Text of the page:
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Mozilla Patches Second Firefox Zero-Day Used in Cryptocurrency Attacks

Mozilla on Thursday patched a second zero-day vulnerability in Firefox that has been exploited by malicious actors to deliver Mac malware to cryptocurrency exchanges.

The flaw, tracked as CVE-2019-11708, has been described by Mozilla as a high-severity sandbox escape issue.

“Insufficient vetting of parameters passed with the Prompt:Open IPC message between child and parent processes can result in the non-sandboxed parent process opening web content chosen by a compromised child process. When combined with additional vulnerabilities this could result in executing arbitrary code on the user's computer,” Mozilla said in its advisory.

The first Firefox zero-day, identified as CVE-2019-11707, was patched by Mozilla on Tuesday. The organization warned at the time that the flaw had been exploited in targeted attacks, but did not share any details.

For the first vulnerability, Mozilla credited the security team at cryptocurrency exchange Coinbase and Samuel Groß of Google Project Zero. For the second weakness, it credited only Coinbase.

Groß said he reported the flaw to Mozilla on April 15, but had no information about the attacks. He did point out shortly after the first patch was released that exploitation of CVE-2019-11707 can result in remote code execution, but it requires a separate sandbox escape, which turns out to be CVE-2019-11708.

Coinbase learned of the vulnerabilities because attackers used them to target the organization’s employees. The hackers have apparently attempted to deliver Mac (and possibly Windows malware) to Coinbase and other organizations involved with cryptocurrencies.

FireEye’s Nick Carr has revealed that FireEye has been tracking activity apparently related to these attacks since 2017. The attacks observed by FireEye have been aimed at financial institutions and cryptocurrency exchanges.

Security researcher Vitali Kremez, who has analyzed the payloads and the infrastructure involved in the attacks, told SecurityWeek that he has no evidence of any Windows malware being served, but pointed out that the “referenced hashes and IOCs are clearly related to the PE32 malware.”

Kremez, who spotted a link to a recent campaign involving a WinRAR zero-day and attacks leveraging a 2017 Microsoft Office vulnerability, said one of the command and control (C&C) servers involved in the Firefox attacks was also used by Windows malware.

“The evidence is circumstantial they were at least pursuing Windows targets as they did before during WinRAR and EPS exploitation. They likely profiled at the exploit gate and served the victim malware depending on the architecture,” the researcher told SecurityWeek.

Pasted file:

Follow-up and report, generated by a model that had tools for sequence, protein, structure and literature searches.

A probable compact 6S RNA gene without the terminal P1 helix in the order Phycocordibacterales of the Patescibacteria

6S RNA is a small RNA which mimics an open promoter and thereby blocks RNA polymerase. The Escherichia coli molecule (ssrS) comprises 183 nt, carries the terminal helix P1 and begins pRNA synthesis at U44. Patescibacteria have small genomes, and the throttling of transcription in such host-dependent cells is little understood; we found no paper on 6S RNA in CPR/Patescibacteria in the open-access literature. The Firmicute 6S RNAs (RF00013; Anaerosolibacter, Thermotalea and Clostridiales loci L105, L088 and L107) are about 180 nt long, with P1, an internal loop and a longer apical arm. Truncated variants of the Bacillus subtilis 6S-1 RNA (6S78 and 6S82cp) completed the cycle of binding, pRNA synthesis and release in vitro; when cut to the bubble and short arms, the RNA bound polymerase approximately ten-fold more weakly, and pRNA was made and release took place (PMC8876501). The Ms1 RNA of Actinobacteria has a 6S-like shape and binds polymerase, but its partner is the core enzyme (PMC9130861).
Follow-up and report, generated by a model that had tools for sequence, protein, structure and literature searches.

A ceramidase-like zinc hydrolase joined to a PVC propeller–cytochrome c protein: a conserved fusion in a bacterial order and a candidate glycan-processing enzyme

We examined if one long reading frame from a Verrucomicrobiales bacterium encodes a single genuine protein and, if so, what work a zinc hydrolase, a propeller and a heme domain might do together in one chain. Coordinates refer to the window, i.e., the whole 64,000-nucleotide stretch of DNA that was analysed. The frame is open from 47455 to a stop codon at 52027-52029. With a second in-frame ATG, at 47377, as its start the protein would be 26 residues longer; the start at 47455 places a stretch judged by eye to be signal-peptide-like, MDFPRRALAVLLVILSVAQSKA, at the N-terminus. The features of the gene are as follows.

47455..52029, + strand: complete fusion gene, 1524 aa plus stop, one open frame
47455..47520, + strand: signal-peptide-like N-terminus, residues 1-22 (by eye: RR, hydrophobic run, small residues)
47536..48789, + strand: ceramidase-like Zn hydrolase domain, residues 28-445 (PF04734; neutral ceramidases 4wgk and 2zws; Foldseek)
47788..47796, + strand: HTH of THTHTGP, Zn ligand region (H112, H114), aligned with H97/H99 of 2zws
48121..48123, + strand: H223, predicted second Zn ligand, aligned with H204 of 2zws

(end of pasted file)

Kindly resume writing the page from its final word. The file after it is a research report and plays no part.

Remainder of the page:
Kremez said the malware delivered via the Firefox zero-days is an information stealer and it appears to be linked to a piece of malware tracked by Kaspersky as Mokes, a cross-platform backdoor that allows attackers to spy on victims.

Mac security expert Patrick Wardle has analyzed one of the macOS malware samples delivered in the Firefox attacks and found code similarities to OSX.Netwire (Wirenet), a piece of malware that emerged in 2012, designed for stealing passwords from Linux and OS X systems.

Wardle obtained the sample from an individual who had received it via an email mentioning a prize awarded by the University of Cambridge in the UK. The targeted person said he had been involved until fairly recently with a cryptocurrency exchange.

One of the Mac malware samples is detected at the time of writing by 11 of the engines on VirusTotal and a second sample is not detected by any security products.

Brandon Levene from Alphabet’s cybersecurity firm Chronicle, which operates the VirusTotal service, has analyzed the first sample and told SecurityWeek that Netwire supports multiple operating systems, including Windows, macOS and Linux. The expert has spotted what he has described as an “extremely similar sample of Netwire for OS X” that was uploaded to VirusTotal in February 2018.

“The malware itself is pretty rudimentary. On Windows it actually seems to be composed of Powercat (an open-source powershell version of Netcat) though it is apparently customized for their needs. Professional opinion? This group has solid exploit dev but middling malware skills,” Levene explained.

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Eduard Kovacs (@EduardKovacs) is a contributing editor at SecurityWeek. He worked as a high school IT teacher for two years before starting a career in journalism as Softpedia’s security news reporter. Eduard holds a bachelor’s degree in industrial informatics and a master’s degree in computer techniques applied in electrical engineering.